Expecting to be able to take your time and sit on your decision for several days will result in lost opportunity.
Comparable sales are what make the world go ‘round — sort of. Appraisals, assessments and Trulia/Zillow estimates are all calculated using comparable sales. Comparable sales occurred in the past and represent where the market was and not where it is. If you choose to exclusively use past sales to drive current decisions, your valuations will feel low compared to the actual market values. Although it may sound unsettling, the same can be said of the market’s free fall in 2009 (albeit the exact opposite) meaning everyone thought they were making killer below-market deals, only to realize the market was plummeting faster than they thought.
Past events are a great tool to measure progress… use them for that purpose.
Denial of reasonable repair requests, refusal to renegotiate when appraisals miss, ‘shopping’ contracts, missed deadlines for response, pocket listings … they are all starting to occur again. When response times are not valued, contract agreements disregarded or other behaviors designed to extract value after the fact, buyers become frustrated and decision making becomes poor. Just remember, when the market rolled over, 2009-2010 buyer behaviors were identical. If one side of the market has a huge advantage, they will act accordingly.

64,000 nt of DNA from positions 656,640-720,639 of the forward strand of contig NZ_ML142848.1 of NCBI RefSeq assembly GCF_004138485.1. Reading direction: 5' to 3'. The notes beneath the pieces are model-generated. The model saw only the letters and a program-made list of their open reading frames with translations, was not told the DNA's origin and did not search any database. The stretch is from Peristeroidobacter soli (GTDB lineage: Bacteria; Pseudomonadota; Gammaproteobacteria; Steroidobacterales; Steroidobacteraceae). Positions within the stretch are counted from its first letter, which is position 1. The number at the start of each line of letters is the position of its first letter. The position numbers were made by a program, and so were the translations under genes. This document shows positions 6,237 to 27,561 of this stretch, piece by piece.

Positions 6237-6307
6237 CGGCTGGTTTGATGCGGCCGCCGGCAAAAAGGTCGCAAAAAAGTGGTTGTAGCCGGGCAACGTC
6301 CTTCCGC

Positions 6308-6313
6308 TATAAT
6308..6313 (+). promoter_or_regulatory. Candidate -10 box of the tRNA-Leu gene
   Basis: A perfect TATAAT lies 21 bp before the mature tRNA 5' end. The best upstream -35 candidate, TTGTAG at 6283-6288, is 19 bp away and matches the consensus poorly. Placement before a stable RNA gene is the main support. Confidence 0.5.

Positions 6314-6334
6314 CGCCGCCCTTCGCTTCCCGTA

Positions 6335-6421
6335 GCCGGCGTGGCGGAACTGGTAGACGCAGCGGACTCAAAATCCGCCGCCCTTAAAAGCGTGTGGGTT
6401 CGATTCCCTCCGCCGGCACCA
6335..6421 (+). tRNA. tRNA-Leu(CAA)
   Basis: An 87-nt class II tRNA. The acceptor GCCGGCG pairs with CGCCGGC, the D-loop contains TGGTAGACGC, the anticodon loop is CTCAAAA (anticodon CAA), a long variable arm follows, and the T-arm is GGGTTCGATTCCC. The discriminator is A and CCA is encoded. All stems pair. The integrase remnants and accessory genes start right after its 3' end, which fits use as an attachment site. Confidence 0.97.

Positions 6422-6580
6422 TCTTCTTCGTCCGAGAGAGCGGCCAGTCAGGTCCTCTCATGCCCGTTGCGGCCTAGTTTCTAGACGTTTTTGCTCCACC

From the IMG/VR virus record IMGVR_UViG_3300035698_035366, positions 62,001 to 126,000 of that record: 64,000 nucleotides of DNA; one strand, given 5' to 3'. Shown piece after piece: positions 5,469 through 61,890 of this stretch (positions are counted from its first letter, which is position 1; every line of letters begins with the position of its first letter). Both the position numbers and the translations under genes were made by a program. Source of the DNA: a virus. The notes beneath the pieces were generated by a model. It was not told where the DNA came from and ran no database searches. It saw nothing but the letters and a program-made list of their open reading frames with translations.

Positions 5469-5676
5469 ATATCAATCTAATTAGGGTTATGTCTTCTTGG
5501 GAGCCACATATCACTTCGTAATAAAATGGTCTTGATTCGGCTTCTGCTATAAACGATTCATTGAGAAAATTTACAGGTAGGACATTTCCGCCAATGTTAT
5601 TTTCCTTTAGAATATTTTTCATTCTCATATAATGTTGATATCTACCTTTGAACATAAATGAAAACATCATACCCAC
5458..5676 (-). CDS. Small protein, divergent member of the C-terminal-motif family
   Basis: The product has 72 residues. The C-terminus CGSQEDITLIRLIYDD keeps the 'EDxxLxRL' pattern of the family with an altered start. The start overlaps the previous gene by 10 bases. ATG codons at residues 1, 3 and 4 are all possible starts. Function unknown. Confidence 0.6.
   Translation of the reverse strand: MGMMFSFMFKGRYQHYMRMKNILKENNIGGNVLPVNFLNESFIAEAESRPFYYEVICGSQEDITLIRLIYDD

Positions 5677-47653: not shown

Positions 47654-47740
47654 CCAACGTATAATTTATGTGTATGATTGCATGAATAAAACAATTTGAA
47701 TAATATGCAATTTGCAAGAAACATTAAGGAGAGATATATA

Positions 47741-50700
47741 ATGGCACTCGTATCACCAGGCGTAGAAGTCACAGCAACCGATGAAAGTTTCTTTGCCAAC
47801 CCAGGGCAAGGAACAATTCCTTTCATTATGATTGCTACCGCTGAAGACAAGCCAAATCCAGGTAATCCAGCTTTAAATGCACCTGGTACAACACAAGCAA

When you are buying into a tight market, expect these behaviors. Being surprised or frustrated by questionable seller behaviors is a recipe to miss the bigger picture.
Stage 5: Trulia and Zillow are Total Crapshoots and Cannot be Trusted, Despite Some Really Great Commercials
In their best markets, Zillow can only estimate the FMV of a $300,000 home within $30k about half the time…
Back in 2009, Trulia and Zillow were just websites with funny names… Not anymore.
Unfortunately, Trulia/Zillow have now become the gold standard for many people and thus have a (negative) impact on buyer and seller decisions. It has been one of the most detrimental additions to our industry in the recent decades. Essentially, Trulia and Zillow use inaccurate data and therefore give inaccurate valuations… And the inventory they depict as ‘available’ is pretty questionable, as well.